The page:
Recent literature highlights the value of PET radiomics in assessing tumor phenotypes. 89 Radiomics enables the high-throughput extraction of a large number of quantitative features from imaging of a standard modality (usually MRI and PET). 90 , 91 One application of radiomics is the use of textural feature analysis which objectively and quantitatively describes intrinsic properties of tumors, particularly heterogeneity. Using FET PET, it has been demonstrated that radiomic textural feature analysis provides non-invasive quantitative information useful for distinguishing treatment-related changes from disease progression. 92 Combined FET PET and MRI radiomics using textural features achieved a diagnostic specificity of more than 90%. 93

Amino acid PET is useful in distinguishing posttherapeutic reactive changes following radiotherapy from recurrent BM. Present studies consistently show high diagnostic accuracy (evidence level 2).

FDG PET can also be used for this indication, but studies to date report highly variable diagnostic accuracy (evidence level 2).

At present, direct comparisons of advanced MRI versus PET are limited. Amino acid PET may be more useful than advanced MRI, whereas FDG PET appears to be inferior (evidence level 3).

When using PET for this indication, amino acid tracers should be preferred. Dynamic FET PET may further improve diagnostic accuracy.

Differentiation of Treatment-Related Changes of Immunotherapy from Brain Metastasis Recurrence using FDG and Amino Acid PET

Immuno-oncology is a rapidly developing therapeutic field with potential applications in CNS malignancies, particularly in patients with BM. 94 Early phase studies have illustrated diagnostic challenges associated with the assessment of radiological changes in response to immunotherapy, wherein a subset of patients manifests delayed response to therapy or therapy-induced inflammation that mimics progressive disease. Following immunotherapy, long-term survival and tumor regression may occur after what was believed to represent initial disease progression or even after the appearance of new lesions. 11 Pseudoprogression may occur in patients with BM treated with immunotherapy using checkpoint inhibitors such as cytotoxic T lymphocyte-associated antigen 4 (eg, ipilimumab) and programmed cell death 1 receptor inhibitors (eg, pembrolizumab, nivolumab). 11 , 12 , 95 , 96 A pilot study showed the potential of FET PET to identify pseudoprogression in patients with BM originating from melanoma treated with immune checkpoint inhibitors. 97 Data on FDG PET for this indication are currently not available.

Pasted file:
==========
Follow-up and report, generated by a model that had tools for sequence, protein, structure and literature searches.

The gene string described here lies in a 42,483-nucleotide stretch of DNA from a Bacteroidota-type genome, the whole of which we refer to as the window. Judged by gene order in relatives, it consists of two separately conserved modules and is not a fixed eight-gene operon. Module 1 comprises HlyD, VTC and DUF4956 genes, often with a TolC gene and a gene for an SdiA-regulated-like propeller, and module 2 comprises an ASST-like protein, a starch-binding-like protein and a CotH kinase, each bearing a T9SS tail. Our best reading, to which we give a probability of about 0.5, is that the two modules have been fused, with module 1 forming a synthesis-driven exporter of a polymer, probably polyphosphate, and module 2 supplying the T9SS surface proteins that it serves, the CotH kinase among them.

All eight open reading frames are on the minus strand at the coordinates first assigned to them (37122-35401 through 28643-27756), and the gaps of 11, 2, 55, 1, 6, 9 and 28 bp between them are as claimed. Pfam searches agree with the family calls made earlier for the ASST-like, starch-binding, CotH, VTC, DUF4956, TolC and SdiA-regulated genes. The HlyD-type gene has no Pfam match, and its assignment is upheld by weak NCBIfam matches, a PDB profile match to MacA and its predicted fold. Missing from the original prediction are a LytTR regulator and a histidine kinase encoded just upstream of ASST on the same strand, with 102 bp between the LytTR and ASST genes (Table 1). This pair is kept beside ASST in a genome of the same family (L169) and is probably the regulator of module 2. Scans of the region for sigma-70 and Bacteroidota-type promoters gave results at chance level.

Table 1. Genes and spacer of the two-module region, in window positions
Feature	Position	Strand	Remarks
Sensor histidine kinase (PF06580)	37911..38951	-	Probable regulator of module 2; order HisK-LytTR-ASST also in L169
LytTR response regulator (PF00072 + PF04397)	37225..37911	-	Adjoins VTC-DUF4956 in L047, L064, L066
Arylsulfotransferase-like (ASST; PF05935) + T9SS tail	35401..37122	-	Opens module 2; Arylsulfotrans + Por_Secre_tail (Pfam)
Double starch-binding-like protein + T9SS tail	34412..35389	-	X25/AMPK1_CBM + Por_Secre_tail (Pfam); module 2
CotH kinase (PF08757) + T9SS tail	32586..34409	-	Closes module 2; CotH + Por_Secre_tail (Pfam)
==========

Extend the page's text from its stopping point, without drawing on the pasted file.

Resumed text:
At present, there is limited evidence of the potential benefit of amino acid PET for differentiating pseudoprogression from true disease progression following checkpoint inhibitor blockade (evidence level 3).

Assessment of Treatment Response

As stated above, standard MRI is limited in its ability to differentiate BM relapse from treatment-related effects such as radionecrosis or pseudoprogression, all of which can induce contrast enhancement and T2/FLAIR hyperintensity. The use of FDG as a tracer for the assessment of treatment response in PET imaging is hampered by high physiologic brain uptake, limiting the discrimination between tumor and normal brain metabolic activity. 14 Furthermore, in light of newer systemic treatment options such as targeted therapy and immunotherapy, tools which provide additional information on cellular physiology (eg, metabolism, proliferation) have become increasingly useful.

The PET tracer FLT is an analog to the nucleoside thymidine and was developed as a PET agent to assess cellular proliferation by tracking the thymidine salvage pathway. 98 Recently, FLT has been applied to assess response to the chemotherapeutic agent ANG1005 (a drug conjugate consisting of paclitaxel covalently linked to angiopep-2, designed to cross the blood–brain barrier) in patients with BM originating from breast cancer and was found to supplement the information derived from contrast-enhanced MRI by clarifying equivocal MRI findings. 50